Commentary

Selected Criticism

Title:
"Good-Bye my Fancy" (Second Annex) (1891)
Author:
Stauffer, Donald Barlow
Print source:
J.R. LeMaster and Donald D. Kummings, eds., Walt Whitman: An Encyclopedia (New York: Garland Publishing, 1998), reproduced by permission.

This group of poems originally appeared in the book Good-Bye My Fancy (1891), Whitman's last miscellany of poetry and prose. In this collection the prose jottings are as interesting as the poems themselves, in their reflections on his poetry, his life, the condition of aging and illness, and death. The prose selections include "An Old Man's Rejoinder," defending once again his poetic vision and continuing to insist that he is rejected by all the great magazines; "Old Poets," a largely favorable appraisal of Longfellow, Whittier, Bryant, and Emerson; an essay on "American National Literature: Is There Any Such Thing—or Can There Ever Be?"; "Some Laggards Yet," collecting prose and verse fragments; and "Memoranda," a truly miscellaneous collection of short newspaper articles, journal entries, fragments of speeches, copies of letters, memories of the New York theater, etc.

A group of thirty-one poems from the book was later printed as "Good-Bye my Fancy . . . 2d Annex" to Leaves of Grass 1891–1892, the last edition published in Whitman's lifetime. ("Sands at Seventy" [1888] was then designated as the First Annex.) Of this "last cluster" Whitman wrote, "The clef is here changed to its lowest, and the little book is a lot of tremolos about old age, death, and faith. The physical just lingers, but almost vanishes. The book is garrulous, irascible (like old Lear) and has various breaks and even tricks to avoid monotony. It will have to be ciphered and ciphered out long—and is probably in some respects the most curious part of its author's baffling works" (Whitman 739–740).

Among the poems that Whitman chose to include in this annex are occasional poems on such subjects as the Paris Exposition, the burial of General Sheridan, and the Johnstown flood, and miscellaneous poems on various Whitman themes, the bulk of them on old age and death. Those dealing specifically with his aging, sickness, and confrontation with death reveal some interesting qualities about the man himself: his intellectual lucidity, his honesty, and his unwillingness to soft-pedal his medical disabilities or to try to avoid facing his unavoidable physical end. The poems speak directly and through standard metaphor—"A Twilight Song," "Sounds of the Winter," and "An Ended Day"—about time running out and death as a new beginning as well as the end of life.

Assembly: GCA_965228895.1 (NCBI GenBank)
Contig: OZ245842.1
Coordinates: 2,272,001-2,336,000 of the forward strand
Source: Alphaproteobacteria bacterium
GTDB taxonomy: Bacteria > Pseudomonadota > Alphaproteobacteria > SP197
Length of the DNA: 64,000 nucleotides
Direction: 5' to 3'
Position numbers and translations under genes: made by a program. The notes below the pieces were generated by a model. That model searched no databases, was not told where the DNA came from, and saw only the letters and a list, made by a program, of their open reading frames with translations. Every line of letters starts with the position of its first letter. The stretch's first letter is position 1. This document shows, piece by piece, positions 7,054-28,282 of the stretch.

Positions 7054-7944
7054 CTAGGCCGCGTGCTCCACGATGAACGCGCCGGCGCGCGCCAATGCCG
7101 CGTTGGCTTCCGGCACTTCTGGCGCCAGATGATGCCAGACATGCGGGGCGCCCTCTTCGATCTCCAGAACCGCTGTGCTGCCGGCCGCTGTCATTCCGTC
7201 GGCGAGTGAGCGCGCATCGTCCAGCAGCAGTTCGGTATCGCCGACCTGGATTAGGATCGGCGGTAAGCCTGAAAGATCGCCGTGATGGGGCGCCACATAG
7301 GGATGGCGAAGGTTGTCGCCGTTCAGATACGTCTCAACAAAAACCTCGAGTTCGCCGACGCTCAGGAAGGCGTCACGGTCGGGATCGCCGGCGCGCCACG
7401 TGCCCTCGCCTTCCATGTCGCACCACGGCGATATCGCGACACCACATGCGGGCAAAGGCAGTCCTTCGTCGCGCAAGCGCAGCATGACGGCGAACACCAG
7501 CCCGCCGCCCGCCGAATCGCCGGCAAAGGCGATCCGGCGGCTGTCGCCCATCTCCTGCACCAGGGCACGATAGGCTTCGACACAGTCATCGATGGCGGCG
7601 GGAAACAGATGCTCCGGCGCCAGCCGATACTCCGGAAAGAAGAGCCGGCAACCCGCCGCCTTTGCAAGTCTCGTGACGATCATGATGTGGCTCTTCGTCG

Two poems demonstrate that Whitman had not lost his artistry: "To the Sun-Set Breeze" and "Unseen Buds." In the first of these, an unpretentious and even understated poem, we find again the sure touch of the master, whose confidence and assurance about the truth of what he believes keeps him from faltering or striking a false note. The poem was singled out two decades later by the young Ezra Pound, who wrote: "[I]f a man has written lines like Whitman's to the 'sunset breeze' one has to love him. I think we have not yet paid enough attention to the deliberate artistry of the man, not in details but in the large" (qtd. in Bergman 60).

In "Unseen Buds" Whitman uses a strange and unusual image: buds hidden under snow and ice with a latent potential to flower, which mysteriously suggest the idea of the universe as an eternal process of becoming. In the context of this group of late-in-life poems, "Unseen Buds" assumes a special significance, as Whitman moves away from an individual confrontation with death and places it on a truly cosmic scale. He becomes merely one of the many trillions of germinal presences which eternally and infinitely expand, grow, and die to make room for their successors, a view of death he had frequently expressed in his younger years.

There are two poems with the title "Good-Bye my Fancy," distinguished only by the exclamation point at the end of the one that closes the collection. This is a farewell to Whitman's other self, his poetic genius, which he had addressed throughout the course of his career, beginning with the opening stanzas of "Song of Myself."

Bibliography

Bergman, Herbert. "Ezra Pound and Walt Whitman." American Literature 27 (1955): 56–61.

Fillard, Claudette. "Le vannier de Camden: Vieillesse, Poésie, et les Annexes de Leaves of Grass." Études Anglaises 45 (1992): 311–323.

Stauffer, Donald Barlow. "Walt Whitman and Old Age." Walt Whitman Review 24 (1978): 144–148.

Whitman, Walt. Prose Works 1892. Ed. Floyd Stovall. Vol. 2. New York: New York UP, 1964.


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